Mass spectrometric (MS) data of human cell secretomes are usually run through the conventional human database for identification. However, the search may result in false identifications due to contamination of the secretome with fetal bovine serum (FBS) proteins. To overcome this challenge, here we provide a composite protein database including human as well as 199 FBS protein sequences for MS data search of human cell secretomes. Searching against the human-FBS database returned more reliable results with fewer false-positive and false-negative identifications compared to using either a human only database or a human-bovine database. Furthermore, the improved results validated our strategy without complex experiments like SILAC. We expect our strategy to improve the accuracy of human secreted protein identification and to also add value for general use.
Background: Recombinant DNA technology has been extensively employed to generate a variety of products from genetically modified organisms (GMOs) over the last decade, and the development of technologies capable of analyzing these products is crucial to understanding gene expression patterns. Liquid chromatography coupled with mass spectrometry is a powerful tool for analyzing protein contents and possible expression modifications in GMOs. Specifically, the NanoUPLC-MSE technique provides rapid protein analyses of complex mixtures with supported steps for high sample throughput, identification and quantization using low sample quantities with outstanding repeatability. Here, we present an assessment of the peptide and protein identification and quantification of soybean seed EMBRAPA BR16 cultivar contents using NanoUPLC-MSE and provide a comparison to the theoretical tryptic digestion of soybean sequences from Uniprot database. Results: The NanoUPLC-MSE peptide analysis resulted in 3,400 identified peptides, 58% of which were identified to have no miscleavages. The experiment revealed that 13% of the peptides underwent in-source fragmentation, and 82% of the peptides were identified with a mass measurement accuracy of less than 5 ppm. More than 75% of the identified proteins have at least 10 matched peptides...
Experimentally determining the biological function of a protein is a process known as protein characterization. Establishing the role a specific protein plays is a vital step toward fully understanding the biochemical processes that drive life in all its forms. In order for researchers to efficiently locate and benefit from the results of protein characterization experiments, the relevant information is compiled into public databases. To populate such databases, curators, who are experts in the biomedical domain, must search the literature to obtain the relevant information, as the experiment results are typically published in scientific journals. The database curators identify relevant journal articles, read them, and then extract the required information into the database. In recent years the rate of biomedical research has greatly increased, and database curators are unable to keep pace with the number of articles being published. Consequently, maintaining an up-to-date database of characterized proteins, let alone populating a new database, has become a daunting task.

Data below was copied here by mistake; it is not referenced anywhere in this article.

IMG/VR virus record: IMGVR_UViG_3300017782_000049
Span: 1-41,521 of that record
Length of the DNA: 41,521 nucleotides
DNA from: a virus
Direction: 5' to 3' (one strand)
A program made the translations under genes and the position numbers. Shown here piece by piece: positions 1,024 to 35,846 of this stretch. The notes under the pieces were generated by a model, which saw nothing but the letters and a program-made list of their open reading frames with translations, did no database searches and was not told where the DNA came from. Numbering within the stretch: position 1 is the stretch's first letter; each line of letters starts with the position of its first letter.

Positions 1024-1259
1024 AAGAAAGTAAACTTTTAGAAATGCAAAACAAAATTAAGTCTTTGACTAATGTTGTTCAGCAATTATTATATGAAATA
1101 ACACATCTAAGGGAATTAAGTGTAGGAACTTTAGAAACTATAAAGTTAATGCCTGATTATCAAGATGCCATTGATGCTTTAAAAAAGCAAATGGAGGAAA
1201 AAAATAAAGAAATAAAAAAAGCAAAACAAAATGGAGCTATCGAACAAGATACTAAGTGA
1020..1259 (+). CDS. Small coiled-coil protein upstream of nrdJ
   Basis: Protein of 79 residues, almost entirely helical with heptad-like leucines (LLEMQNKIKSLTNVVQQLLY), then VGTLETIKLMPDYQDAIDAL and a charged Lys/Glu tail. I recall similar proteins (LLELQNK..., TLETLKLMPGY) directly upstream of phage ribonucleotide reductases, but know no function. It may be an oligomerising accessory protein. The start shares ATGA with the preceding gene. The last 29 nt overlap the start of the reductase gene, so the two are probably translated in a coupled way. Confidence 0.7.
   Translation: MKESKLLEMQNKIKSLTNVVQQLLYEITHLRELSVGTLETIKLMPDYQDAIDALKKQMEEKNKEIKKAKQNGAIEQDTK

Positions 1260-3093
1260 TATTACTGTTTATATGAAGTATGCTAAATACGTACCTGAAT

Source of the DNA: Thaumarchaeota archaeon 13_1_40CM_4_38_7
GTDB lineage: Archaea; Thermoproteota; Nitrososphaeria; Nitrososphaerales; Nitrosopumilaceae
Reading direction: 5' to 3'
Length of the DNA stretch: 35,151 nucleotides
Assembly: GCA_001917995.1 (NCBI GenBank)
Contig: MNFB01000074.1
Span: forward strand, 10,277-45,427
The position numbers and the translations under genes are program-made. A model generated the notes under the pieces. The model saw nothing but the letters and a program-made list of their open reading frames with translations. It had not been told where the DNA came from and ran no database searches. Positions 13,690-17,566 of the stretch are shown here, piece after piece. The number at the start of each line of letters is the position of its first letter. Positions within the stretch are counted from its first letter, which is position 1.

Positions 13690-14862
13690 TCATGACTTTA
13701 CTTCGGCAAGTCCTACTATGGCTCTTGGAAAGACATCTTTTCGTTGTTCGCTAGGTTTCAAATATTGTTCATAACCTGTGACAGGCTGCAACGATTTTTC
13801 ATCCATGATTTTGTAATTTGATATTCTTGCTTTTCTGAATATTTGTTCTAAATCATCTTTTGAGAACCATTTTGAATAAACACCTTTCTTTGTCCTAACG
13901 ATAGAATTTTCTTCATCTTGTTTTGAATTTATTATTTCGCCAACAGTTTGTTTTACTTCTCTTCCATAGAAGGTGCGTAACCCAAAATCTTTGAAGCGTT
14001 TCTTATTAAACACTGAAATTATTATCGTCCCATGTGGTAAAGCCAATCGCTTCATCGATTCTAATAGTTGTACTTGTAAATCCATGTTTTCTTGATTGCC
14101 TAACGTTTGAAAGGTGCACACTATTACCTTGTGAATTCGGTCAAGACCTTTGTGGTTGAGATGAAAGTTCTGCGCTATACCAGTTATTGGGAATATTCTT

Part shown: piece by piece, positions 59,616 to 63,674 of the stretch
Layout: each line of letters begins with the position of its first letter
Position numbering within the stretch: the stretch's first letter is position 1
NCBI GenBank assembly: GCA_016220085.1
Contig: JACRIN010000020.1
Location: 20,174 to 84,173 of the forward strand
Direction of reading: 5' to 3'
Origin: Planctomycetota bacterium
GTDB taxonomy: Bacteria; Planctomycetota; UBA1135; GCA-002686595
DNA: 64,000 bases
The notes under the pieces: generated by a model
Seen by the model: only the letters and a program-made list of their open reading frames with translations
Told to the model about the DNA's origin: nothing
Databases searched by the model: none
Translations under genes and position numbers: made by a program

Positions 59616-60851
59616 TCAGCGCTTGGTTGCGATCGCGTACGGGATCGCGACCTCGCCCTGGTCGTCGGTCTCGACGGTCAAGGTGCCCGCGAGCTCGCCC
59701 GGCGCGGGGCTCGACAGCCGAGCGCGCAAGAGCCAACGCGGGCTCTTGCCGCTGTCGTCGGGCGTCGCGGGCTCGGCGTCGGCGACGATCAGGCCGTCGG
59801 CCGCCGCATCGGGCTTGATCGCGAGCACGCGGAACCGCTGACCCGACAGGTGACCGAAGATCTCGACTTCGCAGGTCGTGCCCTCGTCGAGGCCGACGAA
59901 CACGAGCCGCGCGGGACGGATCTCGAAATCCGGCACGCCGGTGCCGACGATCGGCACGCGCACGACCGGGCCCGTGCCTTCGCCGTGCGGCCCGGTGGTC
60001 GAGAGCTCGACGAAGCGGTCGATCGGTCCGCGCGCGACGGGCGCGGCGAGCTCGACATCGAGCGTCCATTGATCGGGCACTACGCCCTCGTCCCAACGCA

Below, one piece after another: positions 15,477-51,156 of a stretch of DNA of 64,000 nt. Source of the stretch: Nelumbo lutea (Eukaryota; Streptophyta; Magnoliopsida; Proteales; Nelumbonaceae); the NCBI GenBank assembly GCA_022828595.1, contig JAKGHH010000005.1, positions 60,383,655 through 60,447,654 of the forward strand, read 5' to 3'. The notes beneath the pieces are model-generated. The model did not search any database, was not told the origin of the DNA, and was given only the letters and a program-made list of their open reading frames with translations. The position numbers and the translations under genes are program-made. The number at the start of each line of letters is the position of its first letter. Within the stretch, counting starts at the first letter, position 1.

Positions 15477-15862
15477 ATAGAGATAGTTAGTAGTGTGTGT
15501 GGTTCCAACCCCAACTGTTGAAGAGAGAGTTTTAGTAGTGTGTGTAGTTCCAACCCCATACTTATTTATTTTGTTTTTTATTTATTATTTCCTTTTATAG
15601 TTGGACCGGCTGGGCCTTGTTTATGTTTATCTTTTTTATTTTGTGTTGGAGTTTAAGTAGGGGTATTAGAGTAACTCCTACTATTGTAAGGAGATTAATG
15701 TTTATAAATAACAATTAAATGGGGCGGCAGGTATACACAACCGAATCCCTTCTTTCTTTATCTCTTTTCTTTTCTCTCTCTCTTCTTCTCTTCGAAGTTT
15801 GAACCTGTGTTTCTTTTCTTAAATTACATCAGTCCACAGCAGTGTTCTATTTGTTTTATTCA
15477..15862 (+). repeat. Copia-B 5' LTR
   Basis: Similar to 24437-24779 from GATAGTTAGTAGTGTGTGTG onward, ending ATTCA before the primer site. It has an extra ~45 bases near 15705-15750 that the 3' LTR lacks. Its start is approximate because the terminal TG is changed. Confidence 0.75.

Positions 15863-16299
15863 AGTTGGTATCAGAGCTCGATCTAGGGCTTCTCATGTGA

In this thesis, we report our work to reduce the effort required from database curators in order to create and maintain a database of characterized proteins. We describe a system we have designed for automatically identifying relevant articles that discuss the results of protein characterization experiments. Classifiers are trained and tested using a large dataset of abstracts...
Despite the growing volumes of proteomic data, integration of the underlying results remains problematic owing to differences in formats, data captured, protein accessions and services available from the individual repositories. To address this, we present the ISPIDER Central Proteomic Database search (http://www.ispider.manchester.ac.uk/cgi-bin/ProteomicSearch.pl), an integration service offering novel search capabilities over leading, mature, proteomic repositories including PRoteomics IDEntifications database (PRIDE), PepSeeker, PeptideAtlas and the Global Proteome Machine. It enables users to search for proteins and peptides that have been characterised in mass spectrometry-based proteomics experiments from different groups, stored in different databases, and view the collated results with specialist viewers/clients. In order to overcome limitations imposed by the great variability in protein accessions used by individual laboratories, the European Bioinformatics Institute's Protein Identifier Cross-Reference (PICR) service is used to resolve accessions from different sequence repositories. Custom-built clients allow users to view peptide/protein identifications in different contexts from multiple experiments and repositories, as well as integration with the Dasty2 client supporting any annotations available from Distributed Annotation System servers. Further information on the protein hits may also be added via external web services able to take a protein as input. This web server offers the first truly integrated access to proteomics repositories and provides a unique service to biologists interested in mass spectrometry-based proteomics.